• To strengthen and implement strategies, regulatory framework, standards, institutional structures and infrastructure for quality assurance and increased quantities of agricultural products to access and sustain local, regional and export markets
  • To design and implement sustainable capacity building programmes for stakeholders in the agricultural sector through training, re-tooling, infrastructure, provision of logistics and ICT
  • To develop strategies for sustainable food security
  • To develop appropriate agricultural technologies for improved agricultural production, productivity and value addition through research
  • To develop effective collaborative mechanisms with affiliated institutions and
  • To take lead and establish a system and institutional framework for agricultural data collection, analyses, storage and dissemination to stakeholders including Uganda Bureau of Statistics.

The Ministry of Agriculture, Animal Industry and Fisheries (MAAIF) is made up of four Directorates including the Directorate of Crop Resources, Directorate of Animal Resources, Directorate of Agricultural Extension Services and the Directorate of Fisheries Resources each with Departments, Divisions and Partnership Projects.

The Departments of the Ministry which do not fall directly in the above include the Department of Agricultural Planning and Development, the Human Resource Department, the Department of Finance and Administration and the Department of Agricultural Infrastructure, Mechanisation and Water for Agricultural Production.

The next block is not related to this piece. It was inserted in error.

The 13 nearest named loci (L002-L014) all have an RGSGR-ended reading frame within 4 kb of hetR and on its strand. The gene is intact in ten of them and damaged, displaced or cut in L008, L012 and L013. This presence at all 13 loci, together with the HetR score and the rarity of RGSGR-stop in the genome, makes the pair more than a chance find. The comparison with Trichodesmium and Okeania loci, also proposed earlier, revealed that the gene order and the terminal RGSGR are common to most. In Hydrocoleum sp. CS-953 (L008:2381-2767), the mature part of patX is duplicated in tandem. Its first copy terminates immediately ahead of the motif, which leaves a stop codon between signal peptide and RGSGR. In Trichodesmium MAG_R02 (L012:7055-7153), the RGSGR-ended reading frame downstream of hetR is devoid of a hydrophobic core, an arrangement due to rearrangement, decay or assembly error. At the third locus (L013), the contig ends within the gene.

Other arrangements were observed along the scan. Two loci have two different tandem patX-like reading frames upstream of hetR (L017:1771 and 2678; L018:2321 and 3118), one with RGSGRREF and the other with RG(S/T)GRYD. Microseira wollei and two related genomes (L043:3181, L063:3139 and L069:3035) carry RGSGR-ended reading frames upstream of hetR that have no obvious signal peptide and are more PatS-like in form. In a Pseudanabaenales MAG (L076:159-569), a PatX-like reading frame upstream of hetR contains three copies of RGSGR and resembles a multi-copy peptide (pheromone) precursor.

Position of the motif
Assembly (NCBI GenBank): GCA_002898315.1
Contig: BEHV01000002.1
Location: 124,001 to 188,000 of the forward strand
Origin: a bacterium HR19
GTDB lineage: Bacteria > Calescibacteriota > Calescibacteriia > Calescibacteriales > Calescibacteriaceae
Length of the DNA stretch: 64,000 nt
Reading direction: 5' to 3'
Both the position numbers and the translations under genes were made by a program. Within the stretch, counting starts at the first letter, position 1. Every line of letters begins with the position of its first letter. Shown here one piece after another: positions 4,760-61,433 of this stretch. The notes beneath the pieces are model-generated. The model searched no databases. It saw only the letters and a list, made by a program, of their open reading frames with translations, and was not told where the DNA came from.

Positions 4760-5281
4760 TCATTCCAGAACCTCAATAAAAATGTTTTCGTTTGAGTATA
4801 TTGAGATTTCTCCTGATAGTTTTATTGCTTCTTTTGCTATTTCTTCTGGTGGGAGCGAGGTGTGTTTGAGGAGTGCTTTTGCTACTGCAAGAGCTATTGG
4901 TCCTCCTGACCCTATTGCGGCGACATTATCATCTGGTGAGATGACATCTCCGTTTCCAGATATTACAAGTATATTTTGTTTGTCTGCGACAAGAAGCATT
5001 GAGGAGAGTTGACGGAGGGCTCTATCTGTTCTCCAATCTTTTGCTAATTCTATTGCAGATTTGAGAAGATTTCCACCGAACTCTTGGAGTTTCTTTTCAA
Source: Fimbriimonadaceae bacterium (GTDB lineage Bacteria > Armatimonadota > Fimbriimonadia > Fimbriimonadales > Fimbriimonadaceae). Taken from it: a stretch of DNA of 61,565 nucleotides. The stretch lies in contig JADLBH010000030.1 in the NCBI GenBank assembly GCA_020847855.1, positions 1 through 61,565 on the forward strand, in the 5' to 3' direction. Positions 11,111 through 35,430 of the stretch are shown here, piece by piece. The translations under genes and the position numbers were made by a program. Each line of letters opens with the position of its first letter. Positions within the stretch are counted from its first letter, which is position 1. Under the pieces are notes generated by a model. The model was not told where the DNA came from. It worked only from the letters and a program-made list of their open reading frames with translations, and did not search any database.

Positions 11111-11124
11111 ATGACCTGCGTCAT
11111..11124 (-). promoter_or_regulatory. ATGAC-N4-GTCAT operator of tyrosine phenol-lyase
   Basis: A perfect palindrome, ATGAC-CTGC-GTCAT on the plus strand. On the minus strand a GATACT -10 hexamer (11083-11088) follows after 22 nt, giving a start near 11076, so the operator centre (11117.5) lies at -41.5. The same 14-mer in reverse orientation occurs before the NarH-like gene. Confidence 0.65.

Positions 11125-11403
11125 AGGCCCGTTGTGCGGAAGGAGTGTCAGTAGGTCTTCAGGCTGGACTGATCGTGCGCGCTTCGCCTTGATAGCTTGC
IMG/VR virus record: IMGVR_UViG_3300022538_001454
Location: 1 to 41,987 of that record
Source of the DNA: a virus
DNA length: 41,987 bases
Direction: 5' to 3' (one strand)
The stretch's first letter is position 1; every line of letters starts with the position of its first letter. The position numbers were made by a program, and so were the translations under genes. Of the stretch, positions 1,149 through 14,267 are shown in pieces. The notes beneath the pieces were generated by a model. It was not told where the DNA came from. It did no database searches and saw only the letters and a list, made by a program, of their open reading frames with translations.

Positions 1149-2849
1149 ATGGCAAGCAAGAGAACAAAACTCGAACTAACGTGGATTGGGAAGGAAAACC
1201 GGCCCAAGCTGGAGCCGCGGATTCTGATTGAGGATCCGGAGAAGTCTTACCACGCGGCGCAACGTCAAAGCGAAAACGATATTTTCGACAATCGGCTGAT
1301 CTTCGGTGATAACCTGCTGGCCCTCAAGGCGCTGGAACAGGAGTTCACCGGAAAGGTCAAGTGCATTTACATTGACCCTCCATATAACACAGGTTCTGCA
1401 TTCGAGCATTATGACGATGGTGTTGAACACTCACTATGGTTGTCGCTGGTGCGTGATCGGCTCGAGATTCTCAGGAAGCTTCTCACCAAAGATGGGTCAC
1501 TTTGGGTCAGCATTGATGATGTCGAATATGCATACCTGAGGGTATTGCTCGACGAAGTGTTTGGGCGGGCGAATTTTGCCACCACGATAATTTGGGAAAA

The Ministry is also made up of seven Agencies including the National Agricultural Research Organisation (NARO), the National Agricultural Advisory Services (NAADS), Cotton Development Organisation (CDO), Dairy Development Authority (DDA), Uganda Coffee Development Authority (UCDA) and Coordinating Office for the Control of Trypanosomiasis in Uganda (COCTU) and the National Animal Genetic Resources Centre and Databank (NAGRC&DB).

For media-related inquiries and accreditation contact Solomon Kalema Musisi, Senior Communications Officer-Ministry of Agriculture Animal Industry and Fisheries using the email below: